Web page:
I have yet to encounter a dual-GPU laptop where all the video ports were wired through the onboard GPU. Usually at least one of the external ports and sometimes the internal display is wired through the dedicated component, requiring that part to be enabled for those ports to work.

    On my current Asus with a GT650M the HDMI port is wired through the nVidia chip so if I want to use an external monitor I have to either use VGA (yuck) or deal with the disaster that is nVidia Optimus. Even under Windows it's annoying, under Linux it's a mess.
    Reply
  • linuxgeex - Thursday, November 23, 2017 - link

    I've felt the same as you for the last decade, but you'd be surprised these days. AMD GPUs are quite well supported out of the box on open drivers, within 6mo of launch, and generally you can get them up on launch day using recent kernel/Mesa releases. I'll be getting an AMD 2500u based laptop this time around. Probably the Acer Swift. Reply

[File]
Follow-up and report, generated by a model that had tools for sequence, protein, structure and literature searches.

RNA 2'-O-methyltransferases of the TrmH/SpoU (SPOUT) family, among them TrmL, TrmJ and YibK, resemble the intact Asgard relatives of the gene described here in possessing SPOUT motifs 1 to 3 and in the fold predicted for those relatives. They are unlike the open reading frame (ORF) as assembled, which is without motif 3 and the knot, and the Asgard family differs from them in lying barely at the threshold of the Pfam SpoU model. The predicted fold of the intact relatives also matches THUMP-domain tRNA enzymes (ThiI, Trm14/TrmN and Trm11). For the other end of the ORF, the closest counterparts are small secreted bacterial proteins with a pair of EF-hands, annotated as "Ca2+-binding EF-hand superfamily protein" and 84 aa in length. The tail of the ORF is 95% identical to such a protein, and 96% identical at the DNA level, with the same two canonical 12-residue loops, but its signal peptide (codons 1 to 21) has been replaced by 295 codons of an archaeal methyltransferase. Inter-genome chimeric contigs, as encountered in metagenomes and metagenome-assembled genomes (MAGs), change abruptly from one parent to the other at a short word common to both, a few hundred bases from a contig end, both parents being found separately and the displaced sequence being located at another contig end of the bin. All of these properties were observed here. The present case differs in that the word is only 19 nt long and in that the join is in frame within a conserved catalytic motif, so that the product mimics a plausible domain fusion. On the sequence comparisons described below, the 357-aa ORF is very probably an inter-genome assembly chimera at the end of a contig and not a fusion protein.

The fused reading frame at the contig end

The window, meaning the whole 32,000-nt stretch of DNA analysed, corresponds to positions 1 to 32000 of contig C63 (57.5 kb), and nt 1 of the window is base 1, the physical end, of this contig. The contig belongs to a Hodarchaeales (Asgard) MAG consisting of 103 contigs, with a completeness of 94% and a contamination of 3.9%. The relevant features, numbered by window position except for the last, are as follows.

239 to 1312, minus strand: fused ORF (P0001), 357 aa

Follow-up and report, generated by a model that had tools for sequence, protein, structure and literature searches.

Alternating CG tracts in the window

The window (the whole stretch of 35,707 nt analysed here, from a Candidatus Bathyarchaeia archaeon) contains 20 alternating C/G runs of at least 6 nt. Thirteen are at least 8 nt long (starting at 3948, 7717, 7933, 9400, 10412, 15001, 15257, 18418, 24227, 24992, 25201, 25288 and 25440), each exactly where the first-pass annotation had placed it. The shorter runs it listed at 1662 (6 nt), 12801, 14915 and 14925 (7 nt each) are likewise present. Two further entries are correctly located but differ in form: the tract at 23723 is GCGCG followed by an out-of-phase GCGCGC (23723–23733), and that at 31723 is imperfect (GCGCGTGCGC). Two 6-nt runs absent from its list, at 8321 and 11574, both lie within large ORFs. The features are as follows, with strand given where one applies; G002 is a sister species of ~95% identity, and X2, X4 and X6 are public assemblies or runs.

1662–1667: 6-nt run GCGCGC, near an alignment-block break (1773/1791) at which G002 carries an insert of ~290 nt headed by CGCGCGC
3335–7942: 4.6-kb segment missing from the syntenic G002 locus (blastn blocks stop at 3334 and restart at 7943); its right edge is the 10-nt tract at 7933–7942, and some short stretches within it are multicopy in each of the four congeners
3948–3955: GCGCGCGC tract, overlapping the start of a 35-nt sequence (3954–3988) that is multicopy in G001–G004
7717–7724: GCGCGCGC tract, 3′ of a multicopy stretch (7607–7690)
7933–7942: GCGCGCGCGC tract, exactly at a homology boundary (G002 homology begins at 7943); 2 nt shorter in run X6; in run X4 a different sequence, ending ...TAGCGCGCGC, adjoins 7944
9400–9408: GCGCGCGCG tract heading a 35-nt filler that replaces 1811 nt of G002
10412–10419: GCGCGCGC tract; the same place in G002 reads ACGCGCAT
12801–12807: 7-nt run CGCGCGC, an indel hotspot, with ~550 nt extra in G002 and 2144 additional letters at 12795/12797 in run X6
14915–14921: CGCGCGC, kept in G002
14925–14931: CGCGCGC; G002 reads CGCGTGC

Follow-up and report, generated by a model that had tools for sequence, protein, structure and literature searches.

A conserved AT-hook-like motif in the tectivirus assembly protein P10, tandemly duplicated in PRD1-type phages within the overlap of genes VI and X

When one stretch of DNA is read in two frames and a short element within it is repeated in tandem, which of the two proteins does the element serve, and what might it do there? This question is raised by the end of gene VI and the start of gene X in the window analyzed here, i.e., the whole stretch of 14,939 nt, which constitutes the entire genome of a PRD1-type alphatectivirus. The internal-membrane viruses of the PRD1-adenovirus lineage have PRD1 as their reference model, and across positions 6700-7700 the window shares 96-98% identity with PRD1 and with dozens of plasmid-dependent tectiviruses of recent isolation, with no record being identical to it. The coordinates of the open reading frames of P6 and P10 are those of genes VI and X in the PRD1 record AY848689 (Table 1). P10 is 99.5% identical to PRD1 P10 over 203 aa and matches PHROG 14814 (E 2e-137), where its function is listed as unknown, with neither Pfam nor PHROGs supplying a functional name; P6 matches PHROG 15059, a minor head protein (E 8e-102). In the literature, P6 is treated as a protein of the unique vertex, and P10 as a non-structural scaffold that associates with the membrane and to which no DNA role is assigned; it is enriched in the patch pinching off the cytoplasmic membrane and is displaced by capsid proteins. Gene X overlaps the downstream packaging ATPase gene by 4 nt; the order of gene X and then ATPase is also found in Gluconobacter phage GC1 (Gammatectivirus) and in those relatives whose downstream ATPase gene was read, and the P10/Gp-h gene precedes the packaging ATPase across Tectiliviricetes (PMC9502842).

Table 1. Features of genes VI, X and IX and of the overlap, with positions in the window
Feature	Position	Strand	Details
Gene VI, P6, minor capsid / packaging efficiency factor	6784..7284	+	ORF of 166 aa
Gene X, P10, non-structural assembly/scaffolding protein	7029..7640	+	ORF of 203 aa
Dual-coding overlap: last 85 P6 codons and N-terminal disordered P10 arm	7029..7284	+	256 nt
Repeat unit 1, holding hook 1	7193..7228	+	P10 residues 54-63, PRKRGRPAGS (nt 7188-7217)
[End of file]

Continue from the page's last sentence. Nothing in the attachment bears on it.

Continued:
• timecop1818 - Thursday, November 23, 2017 - link

    > basically I'm looking for a powerful, portable machine on which to run VMs and do development. It'll never run games or even Windows so an nVidia or AMD GPU is just wasted silicon, wasted power, and annoying driver problems. I'd rather just use the Intel GPU that's built in to the processor and has great Linux support, but basically every proper workstation laptop forces a Quadro on you.

    you had me until "never runs Windows", lol.

    nice troll, bro, nice troll.

    also, accelerated graphics support in lunix. ha ha ha ha ha.

    thanks for the laugh.
    Reply
  • IGTrading - Wednesday, November 22, 2017 - link

    It will be lovely to watch AMD Ryzen Mobile mop the floor with this 1700 USD waste of money.

    For this much money, I would expect way better performance, but luckily HP Envy x360z with Ryzen Mobile is just 600 USD.

    There's nothing in ASUS' new Zen that's worth the extra 1000 USD they're asking.
    Reply